Sunday, December 26, 2010

A Christmas Tassel

I know that there are times when I see something
special and I need to buy two or more of whatever it is. Why?

Because.....I may not be able to find it again.

I only bought one of these Nativity ornaments at Hobby LobbyIt was half-price....$2.50
As expected.....there were no more! 
Never buy just one!!!

I had seen and actually purchased what I call a
"Froo-Froo Fussy Tassel." 
Of course thinking that I would eventually  attempt  to make one

Now for the story behind my making
Christmas Tassels......

My sister Sue is the Master of Christmas CreationsShe creates some of the most beautiful wreaths and such that I never wanted to bring anything to her Open House Sale that might compete. So this year... at the last minute....of course...I thought that I could make some Christmas tassels. .

It seemed possible since they were made from ribbon. 
Of course....I have ribbon! 


An absolutely beautiful, soft, flowing piece of tactile therapy!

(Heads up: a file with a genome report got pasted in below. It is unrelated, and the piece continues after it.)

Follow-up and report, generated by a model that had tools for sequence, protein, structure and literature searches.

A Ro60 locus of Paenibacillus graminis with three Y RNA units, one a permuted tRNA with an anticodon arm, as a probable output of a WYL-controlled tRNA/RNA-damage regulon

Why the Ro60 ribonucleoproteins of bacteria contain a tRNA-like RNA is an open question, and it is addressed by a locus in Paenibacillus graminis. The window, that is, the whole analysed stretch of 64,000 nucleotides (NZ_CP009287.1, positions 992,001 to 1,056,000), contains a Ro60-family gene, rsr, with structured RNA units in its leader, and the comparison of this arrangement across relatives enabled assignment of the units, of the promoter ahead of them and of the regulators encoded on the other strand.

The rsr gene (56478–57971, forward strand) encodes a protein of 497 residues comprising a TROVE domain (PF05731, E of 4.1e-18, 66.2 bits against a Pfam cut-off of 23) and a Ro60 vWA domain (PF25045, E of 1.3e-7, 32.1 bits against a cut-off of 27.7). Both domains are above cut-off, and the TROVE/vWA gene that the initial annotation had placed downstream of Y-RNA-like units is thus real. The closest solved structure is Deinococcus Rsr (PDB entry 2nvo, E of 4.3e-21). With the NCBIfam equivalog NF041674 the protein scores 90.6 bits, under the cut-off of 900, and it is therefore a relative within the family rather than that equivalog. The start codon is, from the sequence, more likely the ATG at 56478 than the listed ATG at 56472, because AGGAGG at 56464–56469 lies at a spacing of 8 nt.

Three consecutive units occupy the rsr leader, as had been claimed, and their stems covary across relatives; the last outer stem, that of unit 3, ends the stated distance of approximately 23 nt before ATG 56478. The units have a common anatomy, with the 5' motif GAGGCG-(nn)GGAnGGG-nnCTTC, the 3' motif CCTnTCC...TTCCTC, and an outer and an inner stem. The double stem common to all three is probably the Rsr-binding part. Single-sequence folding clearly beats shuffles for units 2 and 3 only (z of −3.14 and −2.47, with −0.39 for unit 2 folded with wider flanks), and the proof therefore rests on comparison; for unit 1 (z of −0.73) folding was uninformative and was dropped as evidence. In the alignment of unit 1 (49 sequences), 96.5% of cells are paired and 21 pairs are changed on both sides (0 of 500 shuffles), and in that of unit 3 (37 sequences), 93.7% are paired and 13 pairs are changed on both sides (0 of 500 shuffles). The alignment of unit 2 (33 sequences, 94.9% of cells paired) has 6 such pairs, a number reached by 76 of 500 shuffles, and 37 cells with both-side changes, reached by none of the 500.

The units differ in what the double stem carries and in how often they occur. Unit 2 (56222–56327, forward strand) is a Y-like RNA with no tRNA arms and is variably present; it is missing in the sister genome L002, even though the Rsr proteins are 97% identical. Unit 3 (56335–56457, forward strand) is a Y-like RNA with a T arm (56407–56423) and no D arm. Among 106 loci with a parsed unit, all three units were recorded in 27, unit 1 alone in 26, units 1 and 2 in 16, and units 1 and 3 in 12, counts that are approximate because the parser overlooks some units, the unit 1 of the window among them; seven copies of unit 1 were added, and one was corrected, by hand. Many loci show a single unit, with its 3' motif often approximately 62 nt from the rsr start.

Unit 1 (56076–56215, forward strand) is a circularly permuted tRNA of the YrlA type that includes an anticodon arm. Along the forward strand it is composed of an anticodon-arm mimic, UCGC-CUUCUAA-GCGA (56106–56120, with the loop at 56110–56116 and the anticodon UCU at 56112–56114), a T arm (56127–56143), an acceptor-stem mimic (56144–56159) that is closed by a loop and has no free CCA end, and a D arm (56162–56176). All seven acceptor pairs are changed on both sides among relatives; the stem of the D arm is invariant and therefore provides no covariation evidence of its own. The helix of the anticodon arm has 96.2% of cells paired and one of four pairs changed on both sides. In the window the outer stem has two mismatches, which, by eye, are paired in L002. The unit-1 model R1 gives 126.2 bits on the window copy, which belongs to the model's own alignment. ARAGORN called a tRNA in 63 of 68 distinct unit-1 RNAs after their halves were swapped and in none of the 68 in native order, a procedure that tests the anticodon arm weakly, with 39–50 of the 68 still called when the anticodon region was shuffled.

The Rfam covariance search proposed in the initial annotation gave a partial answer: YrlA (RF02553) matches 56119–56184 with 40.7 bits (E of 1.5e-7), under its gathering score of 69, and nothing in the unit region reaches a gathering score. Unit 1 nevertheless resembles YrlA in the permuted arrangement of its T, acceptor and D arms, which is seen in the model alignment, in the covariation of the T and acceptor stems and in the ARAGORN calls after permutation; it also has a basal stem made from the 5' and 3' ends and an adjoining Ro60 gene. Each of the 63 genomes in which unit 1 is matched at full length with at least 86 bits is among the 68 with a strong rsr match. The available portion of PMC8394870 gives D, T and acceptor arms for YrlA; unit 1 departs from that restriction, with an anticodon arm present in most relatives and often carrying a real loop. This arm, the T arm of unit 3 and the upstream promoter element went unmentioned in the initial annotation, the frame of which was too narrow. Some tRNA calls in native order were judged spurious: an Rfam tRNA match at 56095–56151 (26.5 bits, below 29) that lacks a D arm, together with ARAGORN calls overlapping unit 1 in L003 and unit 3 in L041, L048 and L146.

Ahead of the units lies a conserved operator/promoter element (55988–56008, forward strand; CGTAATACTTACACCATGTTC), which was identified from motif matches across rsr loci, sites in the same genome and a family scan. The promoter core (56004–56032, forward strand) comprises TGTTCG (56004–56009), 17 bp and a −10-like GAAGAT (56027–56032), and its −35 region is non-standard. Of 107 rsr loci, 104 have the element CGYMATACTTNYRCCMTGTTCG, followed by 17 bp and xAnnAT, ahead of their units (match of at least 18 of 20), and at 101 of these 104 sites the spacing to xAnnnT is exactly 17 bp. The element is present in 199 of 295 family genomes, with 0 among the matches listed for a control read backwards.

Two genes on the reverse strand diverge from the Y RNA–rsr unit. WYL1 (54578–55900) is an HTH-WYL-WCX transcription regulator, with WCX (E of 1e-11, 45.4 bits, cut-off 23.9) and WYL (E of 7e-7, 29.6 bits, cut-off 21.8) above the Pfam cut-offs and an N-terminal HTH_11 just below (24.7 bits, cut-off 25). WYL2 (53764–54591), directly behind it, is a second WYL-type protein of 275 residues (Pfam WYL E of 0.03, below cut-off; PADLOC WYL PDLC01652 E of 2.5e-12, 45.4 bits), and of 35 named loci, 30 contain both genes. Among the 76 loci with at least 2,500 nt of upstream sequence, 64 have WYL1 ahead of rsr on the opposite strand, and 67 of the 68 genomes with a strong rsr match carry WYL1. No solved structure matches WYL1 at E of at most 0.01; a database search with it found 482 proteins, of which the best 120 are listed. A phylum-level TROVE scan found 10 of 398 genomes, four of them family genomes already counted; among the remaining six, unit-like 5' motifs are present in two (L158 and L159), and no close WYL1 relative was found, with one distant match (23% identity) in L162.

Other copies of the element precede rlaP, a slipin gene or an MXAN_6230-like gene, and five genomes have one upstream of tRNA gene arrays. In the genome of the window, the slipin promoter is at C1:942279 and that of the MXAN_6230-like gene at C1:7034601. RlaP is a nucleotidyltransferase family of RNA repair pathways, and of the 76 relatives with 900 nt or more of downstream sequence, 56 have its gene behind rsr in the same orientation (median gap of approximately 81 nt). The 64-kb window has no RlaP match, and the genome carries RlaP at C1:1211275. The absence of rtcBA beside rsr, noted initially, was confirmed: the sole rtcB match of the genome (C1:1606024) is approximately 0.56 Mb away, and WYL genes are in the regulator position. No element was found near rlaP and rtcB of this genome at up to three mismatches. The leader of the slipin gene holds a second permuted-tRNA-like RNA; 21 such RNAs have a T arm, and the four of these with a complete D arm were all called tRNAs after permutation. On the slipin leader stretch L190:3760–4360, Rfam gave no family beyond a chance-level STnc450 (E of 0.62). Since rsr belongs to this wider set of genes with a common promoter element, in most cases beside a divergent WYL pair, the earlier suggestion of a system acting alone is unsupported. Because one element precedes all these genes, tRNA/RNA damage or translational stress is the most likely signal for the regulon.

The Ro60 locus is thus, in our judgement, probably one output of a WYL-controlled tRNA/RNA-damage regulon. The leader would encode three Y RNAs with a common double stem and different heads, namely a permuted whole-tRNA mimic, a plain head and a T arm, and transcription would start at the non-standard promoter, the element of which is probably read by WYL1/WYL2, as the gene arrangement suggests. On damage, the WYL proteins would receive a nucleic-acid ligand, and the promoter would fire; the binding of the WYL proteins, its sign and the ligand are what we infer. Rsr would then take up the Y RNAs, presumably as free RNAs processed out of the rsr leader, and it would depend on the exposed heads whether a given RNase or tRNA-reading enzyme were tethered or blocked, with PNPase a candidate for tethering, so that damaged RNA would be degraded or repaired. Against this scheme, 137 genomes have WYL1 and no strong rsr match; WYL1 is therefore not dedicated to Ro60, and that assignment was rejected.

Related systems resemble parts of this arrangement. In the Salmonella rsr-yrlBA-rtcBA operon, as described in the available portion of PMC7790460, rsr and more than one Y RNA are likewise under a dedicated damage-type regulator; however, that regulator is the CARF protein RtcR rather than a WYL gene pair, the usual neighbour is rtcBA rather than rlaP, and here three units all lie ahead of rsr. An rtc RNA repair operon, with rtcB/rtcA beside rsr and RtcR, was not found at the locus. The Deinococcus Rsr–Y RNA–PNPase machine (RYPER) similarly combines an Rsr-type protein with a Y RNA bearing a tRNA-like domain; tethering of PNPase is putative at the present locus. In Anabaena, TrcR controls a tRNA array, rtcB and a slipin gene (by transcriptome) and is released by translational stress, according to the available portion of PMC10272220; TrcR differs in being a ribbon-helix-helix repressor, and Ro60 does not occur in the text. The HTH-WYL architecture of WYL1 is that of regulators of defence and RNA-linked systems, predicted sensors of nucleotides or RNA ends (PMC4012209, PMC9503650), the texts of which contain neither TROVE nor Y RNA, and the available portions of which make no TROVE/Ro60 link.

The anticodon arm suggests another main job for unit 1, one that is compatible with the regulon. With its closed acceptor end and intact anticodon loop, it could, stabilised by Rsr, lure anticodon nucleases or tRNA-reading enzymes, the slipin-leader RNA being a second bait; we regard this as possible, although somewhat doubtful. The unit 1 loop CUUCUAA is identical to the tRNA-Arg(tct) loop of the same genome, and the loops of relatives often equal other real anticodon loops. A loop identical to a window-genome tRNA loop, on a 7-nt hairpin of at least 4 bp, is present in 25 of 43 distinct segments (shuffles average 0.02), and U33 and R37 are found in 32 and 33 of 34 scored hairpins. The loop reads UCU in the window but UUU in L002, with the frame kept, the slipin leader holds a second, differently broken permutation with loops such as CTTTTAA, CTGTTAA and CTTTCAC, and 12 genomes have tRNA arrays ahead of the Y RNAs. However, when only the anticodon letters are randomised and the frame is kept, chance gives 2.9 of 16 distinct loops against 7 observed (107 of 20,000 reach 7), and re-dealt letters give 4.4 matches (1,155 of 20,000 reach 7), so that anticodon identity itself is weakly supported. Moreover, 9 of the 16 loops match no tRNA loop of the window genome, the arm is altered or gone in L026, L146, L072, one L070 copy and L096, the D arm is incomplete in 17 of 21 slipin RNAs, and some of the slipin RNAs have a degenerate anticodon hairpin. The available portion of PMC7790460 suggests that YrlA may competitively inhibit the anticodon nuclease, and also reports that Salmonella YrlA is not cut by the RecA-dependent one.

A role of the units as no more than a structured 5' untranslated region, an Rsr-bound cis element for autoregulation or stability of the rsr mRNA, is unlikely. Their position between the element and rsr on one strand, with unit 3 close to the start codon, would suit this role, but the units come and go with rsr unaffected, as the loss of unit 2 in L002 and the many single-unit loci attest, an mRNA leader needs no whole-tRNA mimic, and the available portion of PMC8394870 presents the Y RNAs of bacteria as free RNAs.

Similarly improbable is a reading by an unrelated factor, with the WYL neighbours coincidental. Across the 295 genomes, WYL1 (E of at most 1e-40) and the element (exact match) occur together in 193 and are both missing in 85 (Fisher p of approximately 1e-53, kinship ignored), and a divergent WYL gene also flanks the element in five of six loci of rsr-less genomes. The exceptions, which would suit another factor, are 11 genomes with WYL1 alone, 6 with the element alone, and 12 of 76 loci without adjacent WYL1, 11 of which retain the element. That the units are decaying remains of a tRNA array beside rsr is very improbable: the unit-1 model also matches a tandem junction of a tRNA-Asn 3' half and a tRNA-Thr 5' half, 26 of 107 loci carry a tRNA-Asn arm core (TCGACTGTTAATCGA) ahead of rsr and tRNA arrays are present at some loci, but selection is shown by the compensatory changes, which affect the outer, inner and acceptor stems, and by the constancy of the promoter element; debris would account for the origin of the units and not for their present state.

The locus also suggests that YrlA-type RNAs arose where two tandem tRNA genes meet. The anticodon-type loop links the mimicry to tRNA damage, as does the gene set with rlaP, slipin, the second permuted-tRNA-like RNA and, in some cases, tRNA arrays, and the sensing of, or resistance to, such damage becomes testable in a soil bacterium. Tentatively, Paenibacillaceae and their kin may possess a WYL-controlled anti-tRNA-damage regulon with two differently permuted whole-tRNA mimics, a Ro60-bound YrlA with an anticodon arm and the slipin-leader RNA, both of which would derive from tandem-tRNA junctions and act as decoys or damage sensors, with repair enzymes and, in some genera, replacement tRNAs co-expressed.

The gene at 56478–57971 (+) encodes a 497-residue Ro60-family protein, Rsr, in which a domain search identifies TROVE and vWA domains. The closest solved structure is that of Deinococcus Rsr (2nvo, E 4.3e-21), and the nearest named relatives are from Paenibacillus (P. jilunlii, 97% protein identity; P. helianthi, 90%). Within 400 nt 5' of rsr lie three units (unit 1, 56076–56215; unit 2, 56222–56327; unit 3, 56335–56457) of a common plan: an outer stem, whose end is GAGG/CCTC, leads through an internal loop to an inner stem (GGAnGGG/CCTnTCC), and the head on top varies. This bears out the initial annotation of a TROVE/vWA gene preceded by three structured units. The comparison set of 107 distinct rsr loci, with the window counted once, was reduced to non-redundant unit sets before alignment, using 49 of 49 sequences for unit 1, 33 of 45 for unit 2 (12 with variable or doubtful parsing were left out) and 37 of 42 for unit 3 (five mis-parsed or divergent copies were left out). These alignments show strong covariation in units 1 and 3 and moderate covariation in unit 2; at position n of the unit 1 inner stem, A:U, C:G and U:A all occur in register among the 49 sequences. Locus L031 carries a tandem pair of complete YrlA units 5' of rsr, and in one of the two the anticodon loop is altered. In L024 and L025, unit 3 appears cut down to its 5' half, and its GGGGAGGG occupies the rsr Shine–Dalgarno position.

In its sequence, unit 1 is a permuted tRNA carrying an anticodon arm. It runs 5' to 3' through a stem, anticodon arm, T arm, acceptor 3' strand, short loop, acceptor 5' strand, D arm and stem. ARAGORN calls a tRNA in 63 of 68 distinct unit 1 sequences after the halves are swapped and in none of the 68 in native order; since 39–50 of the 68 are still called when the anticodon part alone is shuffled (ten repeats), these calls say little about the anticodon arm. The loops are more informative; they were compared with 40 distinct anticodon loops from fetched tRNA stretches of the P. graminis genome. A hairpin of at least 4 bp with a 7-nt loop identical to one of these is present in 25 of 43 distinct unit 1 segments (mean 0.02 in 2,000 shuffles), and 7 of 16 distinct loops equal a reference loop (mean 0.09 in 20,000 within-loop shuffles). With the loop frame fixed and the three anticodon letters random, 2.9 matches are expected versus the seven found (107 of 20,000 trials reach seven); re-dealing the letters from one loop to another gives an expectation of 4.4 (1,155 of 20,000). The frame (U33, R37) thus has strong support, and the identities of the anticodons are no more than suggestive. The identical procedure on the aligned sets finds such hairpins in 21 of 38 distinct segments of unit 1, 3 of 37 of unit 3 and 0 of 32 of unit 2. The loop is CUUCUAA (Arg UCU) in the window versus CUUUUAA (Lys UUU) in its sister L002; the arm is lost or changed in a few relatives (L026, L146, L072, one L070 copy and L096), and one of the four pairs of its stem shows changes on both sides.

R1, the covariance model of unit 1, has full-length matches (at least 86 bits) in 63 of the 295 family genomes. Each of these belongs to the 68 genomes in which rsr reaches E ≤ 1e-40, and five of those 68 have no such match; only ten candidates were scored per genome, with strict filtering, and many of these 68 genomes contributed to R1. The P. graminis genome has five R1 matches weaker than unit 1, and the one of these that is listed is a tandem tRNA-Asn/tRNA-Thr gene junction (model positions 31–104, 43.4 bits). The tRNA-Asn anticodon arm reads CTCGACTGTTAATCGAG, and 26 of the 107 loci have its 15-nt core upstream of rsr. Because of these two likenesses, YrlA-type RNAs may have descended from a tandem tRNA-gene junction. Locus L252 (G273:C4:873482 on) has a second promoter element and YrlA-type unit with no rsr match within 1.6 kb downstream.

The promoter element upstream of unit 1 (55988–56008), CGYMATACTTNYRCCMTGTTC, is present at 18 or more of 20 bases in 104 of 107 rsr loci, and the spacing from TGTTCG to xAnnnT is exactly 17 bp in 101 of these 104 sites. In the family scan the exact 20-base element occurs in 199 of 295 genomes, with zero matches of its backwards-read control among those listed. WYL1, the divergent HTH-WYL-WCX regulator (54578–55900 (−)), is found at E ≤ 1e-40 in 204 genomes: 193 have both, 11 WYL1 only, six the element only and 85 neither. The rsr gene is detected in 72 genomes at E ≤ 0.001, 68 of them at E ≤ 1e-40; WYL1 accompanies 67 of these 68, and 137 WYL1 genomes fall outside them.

It is a collection...not necessarily to be handed down...but a collection never the less.   I have ribbon that it would break my heart to cut.  Seriously...... 
If you are a sewista, sewer, seamstess or just a crafter, you probably buy ribbon....well, because it's


Ribbon Tassel Instructions

You will need:
 -An Ornament with firmly attached hanging hook/loop-
-Four or five different ribbons in graduated widths-
-Eyelash yarn-

So with my stash of ribbon, I began this experiment.  Keep in mind that for the most part, I don't like "exact" measurements when crafting and more often than not use the "TLAR" method.......
"That Looks About Right"

You will start layering ribbon starting with your longest ribbon loops first, working "up" the tassel.  Cut 6 to 8 lengths of each ribbon for the layered loops.  A "ringer" is added in the center using a bead or jingle bell as a weight.  I found small ribbon garland at Big Lots that worked for this...just removed extra beads from a 10 to 12 inch lengh of ribbon garland.  This nativity tassel was the smallest one that I made with the longest ribbon being cut 12 to 14 inches.  The second ribbon was cut 10 to 12 inches and the third 6 to 8 inches.  The last row of ribbon which is a focal point of the tassel, cut to a length that works in relation to the ornament that will finish the tassel.  The finishing touch to the tassel will be the eyelash yarn glues around the base of the ornament.  Use 3 to 4 strands of eyelash (also sometimes called "fun fur")yarn together, crochet a chain stitch approximately 6 to 8 inches, depending on the size of the ornament base.  Fluff the yarn to release all the lashes/furry strands.